Those who read Union’s first book, “We Will Need More Wine,Know that the actor and activist is a brave, funny and irreverent storyteller. Whether she’s consulting a Hollywood shaman, constipated at an Atlanta strip club, or celebrating the birth of her long-awaited daughter, Kaavia, Union gets there again in this collection of stories from her life. If “We’ll Need More Wine” is her first meeting with readers, if “You Have Everything Stronger” is your first weekend together, Union explains, “Because when you think you know someone, it turns out you really have one. I have no idea who a person is until I travel with them.”
Dey Street Books, Sept. 14 | Read our review
Anyone who’s been on the parent side of a teen’s teary-eyed knows that raising a child can be a humbling experience. Foxx was there – and the title of the first episode tells you what to expect from this moment: “Parenting… You’re Not Ready For This.” In addition to the actor’s revelations about his victories and failures as a father, readers can expect an introduction from Foxx’s 27-year-old daughter, Corinne. Share lessons learned along the way.”
Grand Central, October 19
‘Unprotected,’ by Billy Porter
“This is not a debut story,” says Porter, who is known for her roles in the films “Pose” and “Kinky Boots.” Instead, he presents the story of growing up black and gay in Pittsburgh. “When I was 5 years old, it was very clear that there was something wrong with me,” says Porter, 51. “Everybody knew, so did I.” She explores therapy aimed at “fixing” her, the bullying and sexual abuse that shaped her childhood, inspiration from her mother, and how she found her voice in the process – and her unique sense of style.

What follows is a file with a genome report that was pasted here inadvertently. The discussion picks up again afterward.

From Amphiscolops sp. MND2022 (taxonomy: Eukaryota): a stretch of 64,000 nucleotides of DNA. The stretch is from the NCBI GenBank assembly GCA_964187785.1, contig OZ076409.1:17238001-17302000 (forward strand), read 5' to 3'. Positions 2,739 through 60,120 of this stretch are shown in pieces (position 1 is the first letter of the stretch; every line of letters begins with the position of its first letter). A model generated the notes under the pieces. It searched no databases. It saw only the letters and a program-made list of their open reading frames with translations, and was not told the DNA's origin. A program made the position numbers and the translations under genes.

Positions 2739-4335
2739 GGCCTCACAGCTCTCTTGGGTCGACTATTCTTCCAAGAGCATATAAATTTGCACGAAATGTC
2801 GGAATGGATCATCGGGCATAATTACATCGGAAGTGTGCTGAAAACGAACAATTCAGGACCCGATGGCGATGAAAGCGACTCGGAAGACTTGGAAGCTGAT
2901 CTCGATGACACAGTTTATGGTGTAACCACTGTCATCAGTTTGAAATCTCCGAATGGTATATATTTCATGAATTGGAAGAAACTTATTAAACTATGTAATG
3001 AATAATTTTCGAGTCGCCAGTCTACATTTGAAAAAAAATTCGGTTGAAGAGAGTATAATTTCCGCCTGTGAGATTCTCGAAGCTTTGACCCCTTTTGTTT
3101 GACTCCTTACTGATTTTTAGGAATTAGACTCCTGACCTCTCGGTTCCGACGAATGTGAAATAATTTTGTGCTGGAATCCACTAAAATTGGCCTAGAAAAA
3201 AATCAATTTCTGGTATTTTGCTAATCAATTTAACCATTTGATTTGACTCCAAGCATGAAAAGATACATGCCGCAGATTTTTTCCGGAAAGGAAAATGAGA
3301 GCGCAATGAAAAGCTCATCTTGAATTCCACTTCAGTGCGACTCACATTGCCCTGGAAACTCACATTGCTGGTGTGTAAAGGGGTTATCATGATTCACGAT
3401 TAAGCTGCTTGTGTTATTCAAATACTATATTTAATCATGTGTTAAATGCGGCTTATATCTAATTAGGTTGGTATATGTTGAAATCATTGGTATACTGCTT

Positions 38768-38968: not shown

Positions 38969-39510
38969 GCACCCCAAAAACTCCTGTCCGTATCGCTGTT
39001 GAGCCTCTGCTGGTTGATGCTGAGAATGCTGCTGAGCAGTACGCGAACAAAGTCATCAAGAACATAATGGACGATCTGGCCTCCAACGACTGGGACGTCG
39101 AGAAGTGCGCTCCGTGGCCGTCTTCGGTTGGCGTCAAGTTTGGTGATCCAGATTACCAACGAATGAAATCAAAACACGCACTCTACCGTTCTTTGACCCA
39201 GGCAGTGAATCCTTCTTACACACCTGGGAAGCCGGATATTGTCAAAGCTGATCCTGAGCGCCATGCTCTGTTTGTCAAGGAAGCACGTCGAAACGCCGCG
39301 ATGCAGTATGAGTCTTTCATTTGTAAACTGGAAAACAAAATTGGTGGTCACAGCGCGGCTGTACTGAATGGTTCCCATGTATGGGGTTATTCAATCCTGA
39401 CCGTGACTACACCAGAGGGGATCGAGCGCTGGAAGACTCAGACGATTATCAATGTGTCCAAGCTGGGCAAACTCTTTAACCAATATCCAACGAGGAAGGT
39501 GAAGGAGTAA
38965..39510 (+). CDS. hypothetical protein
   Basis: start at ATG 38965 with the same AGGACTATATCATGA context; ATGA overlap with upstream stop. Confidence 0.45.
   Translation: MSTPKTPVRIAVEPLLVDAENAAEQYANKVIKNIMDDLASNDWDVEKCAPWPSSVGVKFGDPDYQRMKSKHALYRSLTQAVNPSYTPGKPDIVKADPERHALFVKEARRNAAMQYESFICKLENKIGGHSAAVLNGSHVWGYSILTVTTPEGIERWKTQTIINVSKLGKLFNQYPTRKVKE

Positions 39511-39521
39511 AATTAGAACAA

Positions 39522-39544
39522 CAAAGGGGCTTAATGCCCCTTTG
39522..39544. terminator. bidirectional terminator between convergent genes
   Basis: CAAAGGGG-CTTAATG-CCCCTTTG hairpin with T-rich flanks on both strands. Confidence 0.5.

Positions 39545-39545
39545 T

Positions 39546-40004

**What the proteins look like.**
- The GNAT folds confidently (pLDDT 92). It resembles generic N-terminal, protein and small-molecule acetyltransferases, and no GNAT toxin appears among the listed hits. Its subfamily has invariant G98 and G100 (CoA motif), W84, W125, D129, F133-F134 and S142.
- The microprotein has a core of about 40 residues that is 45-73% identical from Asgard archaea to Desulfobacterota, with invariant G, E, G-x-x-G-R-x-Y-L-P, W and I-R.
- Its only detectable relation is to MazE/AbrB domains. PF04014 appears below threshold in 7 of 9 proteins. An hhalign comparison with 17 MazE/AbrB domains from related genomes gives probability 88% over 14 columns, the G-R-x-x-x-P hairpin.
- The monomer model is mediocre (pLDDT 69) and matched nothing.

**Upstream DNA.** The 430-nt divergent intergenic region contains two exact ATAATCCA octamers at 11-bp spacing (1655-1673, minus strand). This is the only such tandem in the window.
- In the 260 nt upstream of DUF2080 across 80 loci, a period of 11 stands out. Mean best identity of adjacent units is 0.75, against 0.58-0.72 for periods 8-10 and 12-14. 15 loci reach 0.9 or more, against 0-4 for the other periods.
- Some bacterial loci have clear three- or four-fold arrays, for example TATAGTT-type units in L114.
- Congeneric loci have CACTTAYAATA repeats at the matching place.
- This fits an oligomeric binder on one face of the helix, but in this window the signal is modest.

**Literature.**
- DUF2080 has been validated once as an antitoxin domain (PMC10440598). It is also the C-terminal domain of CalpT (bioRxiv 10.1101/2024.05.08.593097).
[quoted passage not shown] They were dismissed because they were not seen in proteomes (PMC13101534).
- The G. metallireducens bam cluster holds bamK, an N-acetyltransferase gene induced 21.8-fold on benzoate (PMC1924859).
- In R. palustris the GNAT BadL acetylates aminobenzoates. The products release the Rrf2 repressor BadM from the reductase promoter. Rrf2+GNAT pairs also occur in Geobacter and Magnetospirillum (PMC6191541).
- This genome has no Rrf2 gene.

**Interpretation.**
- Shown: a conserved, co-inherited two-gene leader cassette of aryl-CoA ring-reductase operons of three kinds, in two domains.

Abrams, October 19
If you’ve listened to the podcast that inspired their book, you know that Barack Obama and Bruce Springsteen are a remarkable match if they’re arguing about race, class, music, money, paternity, or just about fun driving in The Boss’ Corvette (sorry). . , the secret service). Their candid conversations cross the “distance between the American Dream and American reality,” as Obama put it. With annotated talks, handwritten lyrics, and photos from their personal library”renegadesThe book promises further immersion in a unique partnership.
Crown, October 26
Fans of “The Good Wife” may remember the coy demeanor of Machiavellian political consultant Eli Gold, played by Alan Cumming, and have no clue of his Scottish roots. It is the polar opposite that Cumming readers encounter in their second memoir: simple, no charge, no return. “Bagage” writes: “At some of the greatest heights of my career, I was at my most unhappy and confused. I felt the lowest self-esteem in my happiest moment.” Cummings continues, “This is a book about my career, my struggles with my mental health, my many attempts at love and sexuality, and everything in between.”
Dey Street Books, October 26
after that imprisonment In 2011, by the Chinese authorities, the artist and activist began to think more closely about her relationship with her father, a poet who was exiled to Little Siberia after falling out of favor with the Communist regime. As Ai follows his own artistic development and the arc of his father’s life, the chapters open with lines from his father’s poetry.
Crown, November 2
‘Intent,’ Will Smith with Mark Manson
Maybe you watched him in prime time as The New Prince of Bel-Air. Maybe he’s on your radar as a cunning con man in “Six Degrees of Separation” or as a helpless father in “The Pursuit of Happyness.” Maybe you sang along to “Friend Like Me” from the “Aladdin” soundtrack (yes, that’s his voice). No matter how long or how much you’ve enjoyed Smith’s performances, you don’t know him. The memoir promises to take readers from his days as a fearful child in West Philadelphia to Smith’s current incarnation as a celebrity who embarked on a “deep journey of self-knowledge,” according to the book’s website.
Penguin Press, November 9
Throughout his life, Highsmith was resolutely private: He rejected efforts to write an authoritative biography, and interviewers feared his yes or no, monosyllabic answers. But after he died in 1995, his extensive personal diaries and notebooks were discovered—and it was clear he hoped they would eventually be published, giving readers a window into his own image, literary experiments, and some of his darker, discriminatory thoughts. . Its longtime editor has collected thousands of these pages in a single volume. As Highsmith wrote in an introduction from 1950: “Writing, of course, replaces the life I cannot live.”
Liveright, November 16